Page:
The 4th workshop of the European Crystal Network took place recently in Paris. Approximately 40 biomedical scientists took part in this closed meeting, whose aim was to facilitate scientific exchange and foster collaborations between centers involved in research in crystal-induced inflammation and crystal deposition diseases. Rheumatology was well represented at the meeting, but there were also participants from other medical disciplines (genetics, epidemiology, nephrology) and basic scientists with diverse interests (crystallography, biochemistry, inflammation, physics).
Within the rheumatic diseases, a major focus is gout and hyperuricemia, but the role of calcium crystals in disease is also gaining interest. Recent advances in genetics, inflammation research and the biochemical pathways that mediate calcium crystal deposition were some of the highlights of this year’s meeting. New clinical and therapeutic aspects of hyperuricemia and gout were also discussed. This report summarizes the subjects that were presented with reference to gout and hyperuricemia. Other presentations on the mechanisms of tissue calcification and their possible role in osteoarthritis are not summarized here.
Hyperuricemia and gout
What is the normal serum uric acid level?
Thomas Bardin (Paris, France) reviewed the current definition of what the normal level of serum uric acid (SUA) is based on. The current definition is population based and is remarkably similar to the solubility threshold of 420 μmol/l (7.0 mg/dl). Interestingly, this SUA level also predicted incident gout in epidemiological studies. However, up to 10% of gout patients had SUA levels between 6.0 and 7.0 mg/dl, suggesting that monosodium urate (MSU) crystals can also form at lower concentrations. He suggested that 6.0 mg/dl may be a more appropriate normal SUA concentration, and this value is also the recommended target level for urate-lowering therapy. In gout cases there is no reason to have different normal SUA levels between men and women, because the phenomenon of crystal formation is the same.
Proteomic analysis in intercritical gout
Tim Radstake (Nijmegen, the Netherlands) presented data from ongoing studies on the proteomic analyses of serum from patients in the Netherlands and New Zealand with acute and intercritical gout. These studies found that IL-8 levels were significantly increased in both situations. A different proteomic profile, which correlated with S100A8 levels, was observed when patients with high or low IL-8 levels were compared.
Imaging in the diagnosis of gout
Nicola Dalbeth (Auckland, New Zealand) presented a review on current imaging techniques in gout. Dual-energy computed tomography scan provided a clear demonstration of MSU deposits around joints and tendons. Future research should focus on comparison between the different imaging modalities (ultrasonography study and dual-energy computed tomography) in early gout or even in asymptomatic hyperuricemia.
Urate excretion in the general population
Muriel Bochud (Lausanne, Switzerland) reported data on urinary fractional excretion of uric acid (FEUA) from COLAUS, a population-based cohort that included 6,000 Caucasian participants, aged 35 to 75 years, in Lausanne. SUA as well as urinary urate from spot urine samples were measured in each subject. The results showed that FEUA is higher in women than in men. There is a clear negative independent association of FEUA with body mass index, mainly fat mass, fasting insulin levels, triglyceride levels, γ-glutamyltranspeptidase levels, estimated glomerular filtration rate (Chronic Kidney Disease Epidemiology Collaboration equation), and ultrasensitive C-reactive protein. These preliminary results highlight that metabolic factors are associated with FEUA in adults from the general population.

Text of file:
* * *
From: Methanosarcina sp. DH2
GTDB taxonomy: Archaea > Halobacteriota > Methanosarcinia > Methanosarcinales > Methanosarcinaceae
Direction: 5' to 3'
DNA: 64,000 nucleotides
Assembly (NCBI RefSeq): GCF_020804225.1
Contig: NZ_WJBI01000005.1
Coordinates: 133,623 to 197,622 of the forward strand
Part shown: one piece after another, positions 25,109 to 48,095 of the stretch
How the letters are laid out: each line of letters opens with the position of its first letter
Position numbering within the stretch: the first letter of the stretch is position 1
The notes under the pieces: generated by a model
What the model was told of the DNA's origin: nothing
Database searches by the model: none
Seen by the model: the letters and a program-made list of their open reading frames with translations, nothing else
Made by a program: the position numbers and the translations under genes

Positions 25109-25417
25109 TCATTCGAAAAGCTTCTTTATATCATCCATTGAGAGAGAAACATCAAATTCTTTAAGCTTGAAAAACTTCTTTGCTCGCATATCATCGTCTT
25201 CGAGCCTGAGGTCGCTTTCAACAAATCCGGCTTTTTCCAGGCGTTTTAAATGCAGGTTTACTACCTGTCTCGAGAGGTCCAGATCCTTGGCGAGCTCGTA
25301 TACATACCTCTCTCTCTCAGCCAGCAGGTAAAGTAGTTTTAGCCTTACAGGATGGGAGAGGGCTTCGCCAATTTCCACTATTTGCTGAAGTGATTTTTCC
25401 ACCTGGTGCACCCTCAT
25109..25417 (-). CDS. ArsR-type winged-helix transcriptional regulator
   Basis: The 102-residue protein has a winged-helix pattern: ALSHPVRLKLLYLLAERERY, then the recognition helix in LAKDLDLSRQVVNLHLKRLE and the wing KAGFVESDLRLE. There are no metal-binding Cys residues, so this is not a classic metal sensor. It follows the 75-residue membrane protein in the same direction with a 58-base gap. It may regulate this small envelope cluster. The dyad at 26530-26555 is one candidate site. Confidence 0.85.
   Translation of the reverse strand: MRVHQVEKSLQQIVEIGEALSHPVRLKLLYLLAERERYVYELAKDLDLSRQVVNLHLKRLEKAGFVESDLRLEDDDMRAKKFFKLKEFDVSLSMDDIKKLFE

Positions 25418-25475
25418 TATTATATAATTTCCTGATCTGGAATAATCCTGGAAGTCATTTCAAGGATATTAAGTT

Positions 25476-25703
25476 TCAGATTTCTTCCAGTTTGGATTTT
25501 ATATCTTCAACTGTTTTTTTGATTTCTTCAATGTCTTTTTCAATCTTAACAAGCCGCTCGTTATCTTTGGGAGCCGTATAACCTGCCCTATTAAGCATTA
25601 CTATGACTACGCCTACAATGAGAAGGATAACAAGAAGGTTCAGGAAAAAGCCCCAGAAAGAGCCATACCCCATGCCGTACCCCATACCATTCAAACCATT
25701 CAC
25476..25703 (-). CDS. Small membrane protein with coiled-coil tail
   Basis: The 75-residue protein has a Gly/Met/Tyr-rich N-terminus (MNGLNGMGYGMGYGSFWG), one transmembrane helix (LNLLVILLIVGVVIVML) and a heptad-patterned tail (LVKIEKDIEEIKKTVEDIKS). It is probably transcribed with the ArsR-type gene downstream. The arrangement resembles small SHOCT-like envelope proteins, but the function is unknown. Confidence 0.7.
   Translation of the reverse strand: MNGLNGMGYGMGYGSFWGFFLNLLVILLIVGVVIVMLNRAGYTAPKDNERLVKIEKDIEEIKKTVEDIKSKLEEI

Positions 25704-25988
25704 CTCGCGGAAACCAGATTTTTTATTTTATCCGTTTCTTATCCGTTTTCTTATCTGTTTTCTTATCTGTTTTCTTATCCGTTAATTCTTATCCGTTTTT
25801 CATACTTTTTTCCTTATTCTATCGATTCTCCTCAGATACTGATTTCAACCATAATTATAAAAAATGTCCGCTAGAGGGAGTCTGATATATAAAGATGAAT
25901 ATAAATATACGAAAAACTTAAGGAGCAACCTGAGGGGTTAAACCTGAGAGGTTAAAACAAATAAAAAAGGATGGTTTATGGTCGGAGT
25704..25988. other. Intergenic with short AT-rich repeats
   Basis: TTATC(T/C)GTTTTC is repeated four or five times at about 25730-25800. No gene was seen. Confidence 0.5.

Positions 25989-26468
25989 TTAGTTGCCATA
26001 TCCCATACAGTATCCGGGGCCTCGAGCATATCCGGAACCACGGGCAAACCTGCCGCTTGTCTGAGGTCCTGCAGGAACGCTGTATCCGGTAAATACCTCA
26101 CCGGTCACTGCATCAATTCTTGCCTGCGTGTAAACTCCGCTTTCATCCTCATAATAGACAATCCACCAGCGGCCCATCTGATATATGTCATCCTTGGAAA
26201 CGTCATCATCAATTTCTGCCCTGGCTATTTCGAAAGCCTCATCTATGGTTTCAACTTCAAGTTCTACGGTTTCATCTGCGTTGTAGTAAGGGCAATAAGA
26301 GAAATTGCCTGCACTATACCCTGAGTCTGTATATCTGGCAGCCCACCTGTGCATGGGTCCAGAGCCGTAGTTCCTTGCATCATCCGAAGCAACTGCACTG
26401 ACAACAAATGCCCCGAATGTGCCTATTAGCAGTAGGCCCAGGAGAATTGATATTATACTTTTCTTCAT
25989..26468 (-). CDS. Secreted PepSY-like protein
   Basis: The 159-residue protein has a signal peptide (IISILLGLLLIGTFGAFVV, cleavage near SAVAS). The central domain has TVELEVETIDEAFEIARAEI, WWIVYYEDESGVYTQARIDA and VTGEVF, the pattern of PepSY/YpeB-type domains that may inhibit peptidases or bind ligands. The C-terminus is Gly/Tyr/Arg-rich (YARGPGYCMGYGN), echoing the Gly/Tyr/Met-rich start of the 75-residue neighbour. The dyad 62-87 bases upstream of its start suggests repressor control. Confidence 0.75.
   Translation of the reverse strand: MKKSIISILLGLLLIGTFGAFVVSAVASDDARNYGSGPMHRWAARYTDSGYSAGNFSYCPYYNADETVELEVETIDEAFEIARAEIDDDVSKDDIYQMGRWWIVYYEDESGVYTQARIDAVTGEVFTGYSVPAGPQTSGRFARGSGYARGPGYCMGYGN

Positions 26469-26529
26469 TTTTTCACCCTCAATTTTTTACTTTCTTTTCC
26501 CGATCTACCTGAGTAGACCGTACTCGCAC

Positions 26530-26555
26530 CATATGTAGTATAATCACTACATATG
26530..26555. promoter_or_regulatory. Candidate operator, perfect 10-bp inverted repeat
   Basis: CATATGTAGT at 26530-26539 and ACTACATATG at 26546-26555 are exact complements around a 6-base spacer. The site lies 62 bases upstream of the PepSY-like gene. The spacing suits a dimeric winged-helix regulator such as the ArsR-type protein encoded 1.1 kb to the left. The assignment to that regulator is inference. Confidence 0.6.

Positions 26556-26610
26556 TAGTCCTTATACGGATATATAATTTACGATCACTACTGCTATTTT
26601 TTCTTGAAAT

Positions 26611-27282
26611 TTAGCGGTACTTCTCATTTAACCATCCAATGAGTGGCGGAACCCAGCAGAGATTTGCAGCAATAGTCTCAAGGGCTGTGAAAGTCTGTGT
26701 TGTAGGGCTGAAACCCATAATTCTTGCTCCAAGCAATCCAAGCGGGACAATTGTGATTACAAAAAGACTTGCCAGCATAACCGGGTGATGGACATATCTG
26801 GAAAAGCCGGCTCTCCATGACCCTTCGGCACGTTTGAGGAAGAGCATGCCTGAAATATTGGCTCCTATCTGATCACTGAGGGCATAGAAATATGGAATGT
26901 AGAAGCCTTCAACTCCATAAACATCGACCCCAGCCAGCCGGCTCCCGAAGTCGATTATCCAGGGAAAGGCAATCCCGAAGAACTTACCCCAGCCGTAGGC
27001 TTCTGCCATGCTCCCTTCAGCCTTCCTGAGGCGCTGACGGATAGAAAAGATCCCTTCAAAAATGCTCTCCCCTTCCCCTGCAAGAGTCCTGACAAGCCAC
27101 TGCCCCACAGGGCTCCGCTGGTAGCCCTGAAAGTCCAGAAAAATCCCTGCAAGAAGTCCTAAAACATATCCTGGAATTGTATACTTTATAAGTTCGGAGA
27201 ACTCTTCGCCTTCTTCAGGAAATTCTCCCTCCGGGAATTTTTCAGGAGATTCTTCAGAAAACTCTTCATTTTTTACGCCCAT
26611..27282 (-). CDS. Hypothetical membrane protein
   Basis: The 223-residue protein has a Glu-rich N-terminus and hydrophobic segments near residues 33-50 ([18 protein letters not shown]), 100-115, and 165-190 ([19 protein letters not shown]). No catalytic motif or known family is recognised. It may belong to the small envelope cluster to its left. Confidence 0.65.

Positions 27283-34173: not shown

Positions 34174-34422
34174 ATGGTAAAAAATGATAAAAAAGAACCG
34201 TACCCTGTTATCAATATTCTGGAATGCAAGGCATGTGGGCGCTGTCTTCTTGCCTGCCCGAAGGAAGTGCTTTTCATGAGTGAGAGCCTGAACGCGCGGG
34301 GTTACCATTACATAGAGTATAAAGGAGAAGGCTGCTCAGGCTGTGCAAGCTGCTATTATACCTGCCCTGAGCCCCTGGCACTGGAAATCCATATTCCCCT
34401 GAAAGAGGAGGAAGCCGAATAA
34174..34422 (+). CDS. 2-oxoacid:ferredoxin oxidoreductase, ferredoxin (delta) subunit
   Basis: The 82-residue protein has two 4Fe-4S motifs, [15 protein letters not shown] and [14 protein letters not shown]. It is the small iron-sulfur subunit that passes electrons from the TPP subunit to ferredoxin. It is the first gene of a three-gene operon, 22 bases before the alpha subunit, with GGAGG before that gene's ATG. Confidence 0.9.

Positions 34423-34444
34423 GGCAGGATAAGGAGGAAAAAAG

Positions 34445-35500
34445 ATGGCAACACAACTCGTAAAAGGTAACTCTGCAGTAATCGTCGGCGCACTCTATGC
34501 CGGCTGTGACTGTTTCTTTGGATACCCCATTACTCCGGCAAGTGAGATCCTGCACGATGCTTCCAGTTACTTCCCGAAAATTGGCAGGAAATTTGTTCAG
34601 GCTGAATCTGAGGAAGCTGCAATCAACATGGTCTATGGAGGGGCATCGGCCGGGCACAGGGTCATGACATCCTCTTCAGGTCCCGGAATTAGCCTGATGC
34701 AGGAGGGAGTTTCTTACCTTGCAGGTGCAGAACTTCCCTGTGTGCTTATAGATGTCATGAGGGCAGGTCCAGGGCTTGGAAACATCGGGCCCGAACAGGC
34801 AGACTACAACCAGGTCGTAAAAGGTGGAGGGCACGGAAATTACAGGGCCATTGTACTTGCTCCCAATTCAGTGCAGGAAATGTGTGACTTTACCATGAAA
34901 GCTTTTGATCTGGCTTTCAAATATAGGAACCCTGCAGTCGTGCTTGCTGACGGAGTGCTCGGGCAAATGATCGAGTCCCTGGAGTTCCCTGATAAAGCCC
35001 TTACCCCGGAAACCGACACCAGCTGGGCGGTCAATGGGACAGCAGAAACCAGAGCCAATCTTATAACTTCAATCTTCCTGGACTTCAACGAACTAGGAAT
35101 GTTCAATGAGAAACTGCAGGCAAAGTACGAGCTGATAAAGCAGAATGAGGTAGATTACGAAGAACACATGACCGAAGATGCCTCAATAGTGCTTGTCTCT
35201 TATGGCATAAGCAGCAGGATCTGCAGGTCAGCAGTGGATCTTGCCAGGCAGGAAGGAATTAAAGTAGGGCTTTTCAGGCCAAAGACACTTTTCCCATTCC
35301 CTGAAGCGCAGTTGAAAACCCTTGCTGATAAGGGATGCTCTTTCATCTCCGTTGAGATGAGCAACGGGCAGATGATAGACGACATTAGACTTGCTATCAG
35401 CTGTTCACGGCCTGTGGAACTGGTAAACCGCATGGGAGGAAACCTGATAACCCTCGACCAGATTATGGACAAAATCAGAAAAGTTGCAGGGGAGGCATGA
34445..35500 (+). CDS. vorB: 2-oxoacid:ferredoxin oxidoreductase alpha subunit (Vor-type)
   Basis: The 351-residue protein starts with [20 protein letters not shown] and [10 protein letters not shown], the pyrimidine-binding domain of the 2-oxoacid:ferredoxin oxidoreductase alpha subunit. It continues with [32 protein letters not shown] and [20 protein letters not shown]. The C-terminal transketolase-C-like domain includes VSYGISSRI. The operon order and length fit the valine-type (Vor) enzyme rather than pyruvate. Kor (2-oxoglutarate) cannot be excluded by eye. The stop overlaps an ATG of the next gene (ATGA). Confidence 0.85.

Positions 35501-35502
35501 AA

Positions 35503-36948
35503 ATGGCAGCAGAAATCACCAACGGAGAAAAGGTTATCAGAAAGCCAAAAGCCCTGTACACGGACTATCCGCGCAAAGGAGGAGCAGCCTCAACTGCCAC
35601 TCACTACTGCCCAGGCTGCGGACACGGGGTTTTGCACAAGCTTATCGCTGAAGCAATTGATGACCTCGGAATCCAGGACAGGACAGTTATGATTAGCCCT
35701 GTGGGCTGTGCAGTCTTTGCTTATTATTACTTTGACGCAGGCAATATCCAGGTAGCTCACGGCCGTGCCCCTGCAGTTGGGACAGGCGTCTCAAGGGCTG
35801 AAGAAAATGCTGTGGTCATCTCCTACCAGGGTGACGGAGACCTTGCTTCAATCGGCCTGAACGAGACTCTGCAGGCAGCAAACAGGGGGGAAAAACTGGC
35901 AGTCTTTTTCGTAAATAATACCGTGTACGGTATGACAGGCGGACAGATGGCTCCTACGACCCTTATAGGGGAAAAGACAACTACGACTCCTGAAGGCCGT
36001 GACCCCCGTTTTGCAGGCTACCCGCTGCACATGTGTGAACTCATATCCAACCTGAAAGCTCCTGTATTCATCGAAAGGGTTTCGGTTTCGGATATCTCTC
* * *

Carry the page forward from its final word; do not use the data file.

Fructose loading and urate handling
Tony Merriman (Dunedin, New Zealand) reported the results of physiological overload of oral fructose loading. Epidemiological data suggest a relationship between sugar-sweetened soft drink consumption and gout. In collaboration with Nicola Dalbeth, he studied whether genetic variation in SLC2A9, a fructose and urate transporter, influences the acute urate response to a fructose load. Caucasians without the protective C allele had a higher increase in serum urate and lower FEUA. No effect was seen in people of Polynesian ancestry. They concluded that SLC2A9 might have a greater influence on the renal response to sugary beverages in Europeans. Additional results were provided on the effects of a genetic variant for ABCG2, another tubule efflux transporter. Their data showed that the urate-raising variant of ABCG2 increased FEUA.
Tophus and bone destruction
From the literature and from her own pathological studies, Nicola Dalbeth (Auckland, New Zealand) described the pathology of a tophus. MSU crystals are surrounded by a cellular corona of inflammatory and resident macrophages, including multinucleated giant cells that have features of osteoclasts. Indeed, in vitro experiments demonstrated direct stimulatory effects of MSU crystals on osteoclasts, and, by contrast, inhibitory effects on osteoblasts.
Adrenocorticotropic hormone as a treatment of acute gout
Fernando Perez-Ruiz (Vizcaya, Spain) reported on the efficacy of adrenocorticotropic hormone as a treatment for gout flares based on open and short-term studies. The anti-inflammatory effects of adrenocorticotropic hormone might rely on steroid effects and on peripheral action through activation of the melanocortin type 3 receptor expressed on monocyte–macrophages (via inhibition of cell migration mediated by cytokine and adhesion molecule expression and the ability to interfere with cell signaling pathways). Current randomized trials comparing adrenocorticotropic hormone and steroid depot injection in patients with acute gout are ongoing in Spain.
Cellular effects of crystals
P2X7 receptor and inflammasome activation
Francesco Di Virgilio (Ferrara, Italy) reviewed the biology of the P2X7 receptor. The P2X7 receptor binds extracellular ATP and is a potent activator of the NLRP1 and NLRP3 inflammasomes. Potential mechanisms include changes in the intracellular K+ and Ca2+ concentrations. Pathogen-associated molecular patterns and danger-associated molecular patterns were also shown to interact directly with scaffold proteins of the inflammasomes and initiate their activation. Finally, a body of evidence shows that the inflammasomes may be involved in the regulation of cell growth and differentiation.